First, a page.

When comparing Emacs vs Editra, the Slant community recommends Emacs for most people. In the question“What are the best programming text editors?” Emacs is ranked 9th while Editra is ranked 72nd. The most important reason people chose Emacs is:
Emacs can be controlled entirely with the keyboard. While true, I often find the mouse and menus handy for those lesser-used commands. An aide-memoir.
Ranked in these QuestionsQuestion Ranking
Pro Keyboard-focused, mouse-free editing
Pro Total customizability
Customizations can be made to a wide range of Emacs' functions through a Lisp dialect (Emacs Lisp). A robust list of existing Lisp extensions include the practical (git integration, syntax highlighting, etc) to the utilitarian (calculators, calendars) to the sublime (chess, Eliza).
Pro It's also an IDE
You can debug, compile, manage files, integrate with version control systems, etc. All through the various plugins that can be installed.
Licensed under GNU GPL.
Pro Self documenting
Emacs has extensive help support built-in as well as a tutorial accessed with C-h t.
Pro Works in terminal or as a GUI application
You can use Emacs' command line interface or graphical user interface.
Pro Great documentation
With 30+ years of use the Emacs documentation is very thorough. There are also a lot of tutorials and guides written by third parties.
Fully compliant GNU-emacs is available on many platforms, and they all understand .emacs configuration files.
Pro Lisp customizations
With lisp customization, any behavior of Emacs can be changed. Update with pre-release patch can be also applied without recompiling the whole Emacs.
Pro dabbrev-expand (Alt-/)
Dynamic word completion.
Pro Provides org-mode
Advanced planning and publication which can start as a simple list.
Pro Mini buffer
You can pass complicated arguments in the mini buffer.
Pro Enormous range of functionalities (way beyond simple "text editing")
Through its programmability, a very broad range of functionalities can be integrated in emacs, turning it even into a "single point of contact" with the underlying operating system.
Pro Rectangular cut and paste
Emacs can select rectangularly.
Pro Vi keybindings through Evil mode
Evil mode emulates vim behaviors within Emacs. It enables Vi users to move inside the Emacs universe.
Pro Has been widely used for a long time
The first verion of Emacs was written in 1974 and GNU Emacs in 1984.
Pro Visual selection and text objects with Evil
Evil is an extensible vi layer for Emacs. It provides Vim features like Visual selection and text objects.
Pro Support multi-line editing, multiple frame, powerful paren, crazy jumping style
Review the "Emacs Rocks" video.
Works on Linux, Windows, Macintosh, BSD, and others.
Pro Integrates planning in your development process
You can jump straight from your org-mode files to programming tasks - and back - and build a seamless workflow.
Pro Helm plugin adds even more power to Emacs
Powerful commands, search, and more with the Helm plugin.
Emacs is great for everything.
Pro GTK+ widgets support
Pro Excelent tutorial to get you started
The tutorial you are presented with at startup shows you exactly what you need to get started and teaches you how to use the built-in help yourself later.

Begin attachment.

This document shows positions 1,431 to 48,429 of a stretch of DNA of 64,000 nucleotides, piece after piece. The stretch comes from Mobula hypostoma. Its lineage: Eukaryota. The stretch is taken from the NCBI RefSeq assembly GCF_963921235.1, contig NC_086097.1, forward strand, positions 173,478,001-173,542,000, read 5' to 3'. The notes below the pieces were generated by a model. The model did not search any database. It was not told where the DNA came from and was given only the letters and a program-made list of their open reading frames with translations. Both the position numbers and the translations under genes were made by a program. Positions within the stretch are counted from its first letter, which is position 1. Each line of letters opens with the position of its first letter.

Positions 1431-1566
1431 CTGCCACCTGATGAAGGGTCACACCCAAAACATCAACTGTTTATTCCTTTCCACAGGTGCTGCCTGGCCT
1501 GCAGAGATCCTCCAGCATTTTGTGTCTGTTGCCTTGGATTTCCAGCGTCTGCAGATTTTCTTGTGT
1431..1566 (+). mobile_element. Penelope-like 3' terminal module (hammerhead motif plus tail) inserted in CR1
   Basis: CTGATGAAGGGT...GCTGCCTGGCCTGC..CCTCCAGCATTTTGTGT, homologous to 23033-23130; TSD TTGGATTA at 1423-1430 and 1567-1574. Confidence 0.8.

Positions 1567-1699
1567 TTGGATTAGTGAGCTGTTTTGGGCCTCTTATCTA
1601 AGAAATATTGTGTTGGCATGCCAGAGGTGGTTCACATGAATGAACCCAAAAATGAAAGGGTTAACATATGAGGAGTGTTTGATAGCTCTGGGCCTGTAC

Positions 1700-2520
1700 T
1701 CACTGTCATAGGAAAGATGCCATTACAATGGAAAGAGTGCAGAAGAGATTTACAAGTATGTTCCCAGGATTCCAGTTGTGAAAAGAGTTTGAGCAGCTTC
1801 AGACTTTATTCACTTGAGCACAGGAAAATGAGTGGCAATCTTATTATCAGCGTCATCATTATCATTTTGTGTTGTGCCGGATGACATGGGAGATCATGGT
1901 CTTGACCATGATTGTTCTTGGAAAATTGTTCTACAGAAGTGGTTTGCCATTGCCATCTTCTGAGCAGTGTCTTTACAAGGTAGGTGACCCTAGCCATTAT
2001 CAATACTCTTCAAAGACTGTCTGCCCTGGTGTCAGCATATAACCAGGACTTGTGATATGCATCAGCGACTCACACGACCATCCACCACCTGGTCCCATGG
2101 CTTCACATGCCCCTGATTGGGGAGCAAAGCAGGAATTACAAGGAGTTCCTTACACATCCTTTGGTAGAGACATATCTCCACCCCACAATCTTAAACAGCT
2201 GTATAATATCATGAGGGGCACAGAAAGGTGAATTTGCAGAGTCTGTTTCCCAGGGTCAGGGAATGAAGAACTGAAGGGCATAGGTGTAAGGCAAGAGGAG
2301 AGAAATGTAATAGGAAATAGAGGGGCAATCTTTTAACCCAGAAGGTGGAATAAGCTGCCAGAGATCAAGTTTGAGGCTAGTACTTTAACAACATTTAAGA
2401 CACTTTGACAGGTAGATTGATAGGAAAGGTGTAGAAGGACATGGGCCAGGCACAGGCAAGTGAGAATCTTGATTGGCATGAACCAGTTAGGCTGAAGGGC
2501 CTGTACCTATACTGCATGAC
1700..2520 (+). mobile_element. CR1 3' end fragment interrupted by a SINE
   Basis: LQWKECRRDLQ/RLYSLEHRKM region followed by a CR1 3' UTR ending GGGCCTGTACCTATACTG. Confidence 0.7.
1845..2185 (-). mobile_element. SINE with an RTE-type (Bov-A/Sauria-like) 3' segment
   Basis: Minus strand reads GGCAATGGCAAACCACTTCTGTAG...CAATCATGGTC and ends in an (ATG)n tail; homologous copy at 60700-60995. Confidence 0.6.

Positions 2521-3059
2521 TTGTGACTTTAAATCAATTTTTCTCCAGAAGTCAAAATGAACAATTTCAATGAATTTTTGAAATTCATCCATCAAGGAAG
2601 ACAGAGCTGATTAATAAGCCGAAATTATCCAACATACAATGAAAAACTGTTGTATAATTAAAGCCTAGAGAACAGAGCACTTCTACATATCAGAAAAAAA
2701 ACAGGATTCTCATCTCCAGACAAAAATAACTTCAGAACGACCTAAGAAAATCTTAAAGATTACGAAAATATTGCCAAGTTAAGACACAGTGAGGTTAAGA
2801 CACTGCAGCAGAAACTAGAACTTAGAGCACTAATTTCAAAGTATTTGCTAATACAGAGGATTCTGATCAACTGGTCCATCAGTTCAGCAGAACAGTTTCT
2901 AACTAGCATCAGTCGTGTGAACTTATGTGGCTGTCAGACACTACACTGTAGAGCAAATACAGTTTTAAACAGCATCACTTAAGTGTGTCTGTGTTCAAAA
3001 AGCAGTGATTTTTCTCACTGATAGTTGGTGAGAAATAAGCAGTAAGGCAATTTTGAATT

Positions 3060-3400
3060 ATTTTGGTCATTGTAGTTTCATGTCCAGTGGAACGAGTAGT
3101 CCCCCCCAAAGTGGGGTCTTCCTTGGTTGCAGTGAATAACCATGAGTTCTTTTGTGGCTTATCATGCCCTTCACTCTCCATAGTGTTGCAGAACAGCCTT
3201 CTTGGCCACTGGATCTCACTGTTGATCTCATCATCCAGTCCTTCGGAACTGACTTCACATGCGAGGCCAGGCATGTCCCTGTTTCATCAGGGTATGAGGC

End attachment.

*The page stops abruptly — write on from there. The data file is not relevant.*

Pro Interactive Shells
Emacs has a number of shell variants: ansi-term, shell, and eshell.
Managing several large mailing lists has never been easier using Gnus. The threading commands and the various ways of scoring articles means that I never miss important messages/authors, etc. A joy to use.
Pro eshell is cross platform
You can use the underlying operating system shell as a terminal emulation in an Emacs buffer. Don't like the default shell for your configuration? You can change it to your liking.
Pro Excellent Lisp editing support
Built-in packages make editing Lisp source code feel natural.
Pro use-package and org-mode
Missing some neural package that predicts actions
Maybe in the next release ...
Pro Very customizable
Pro Small and portable
Editra's small size makes it extremely fast and portable. It can be uploaded in a USB drive and be used on the go.
Editra can open more than 60 different types of source code, each with syntax highlighting and many other features. It also has many widgets that can be installed to make the user experience easier (you can download them from the main site).
Pro Cross-platform and open source
Editra can run on Linux, Mac OS X, and Windows. Its sources are easily available from the site.
Editra has a simple and very customizable UI.
Pro Python IDE
It's written in Python and can also be used as a Python IDE. Just by extending it through the installation of additional features and widgets, Editra can become an IDE for any programming language it supports.
Con Learning curve is long
While it's better than it used to be, with most functions being possible through the menu, Emacs is still quite a bit different from your standard editor. You'll need to learn new keyboard shortcuts.
Con Sometimes the extensibility can distract you from your actual work
If I ever want to lose half a day, I'll start by tweaking my .spacemacs config file.
Con Keyboard combinations can be confusing for new users
For example, for navigation it uses the b, n, p, l keys. Which for some people may seem strange in the begging. However they can be changed easily.
Con Documentation is not beginner-friendly
Although lots of good built-in documentation _exists_, I have after four years of Emacs as my primary editor not figured out how to actually make use of it, and rely completely on Google / StackOverflow for help.
Con Hard customization
For customization, you need to learn Lisp
Con A lot of jokes in this serious software
Con Using Emacs on a new machine without your .emacs file
Con UI is ugly and outdated
Editra's UI is rather ugly and outdated and the color scheme is not as sleek as the other options out there.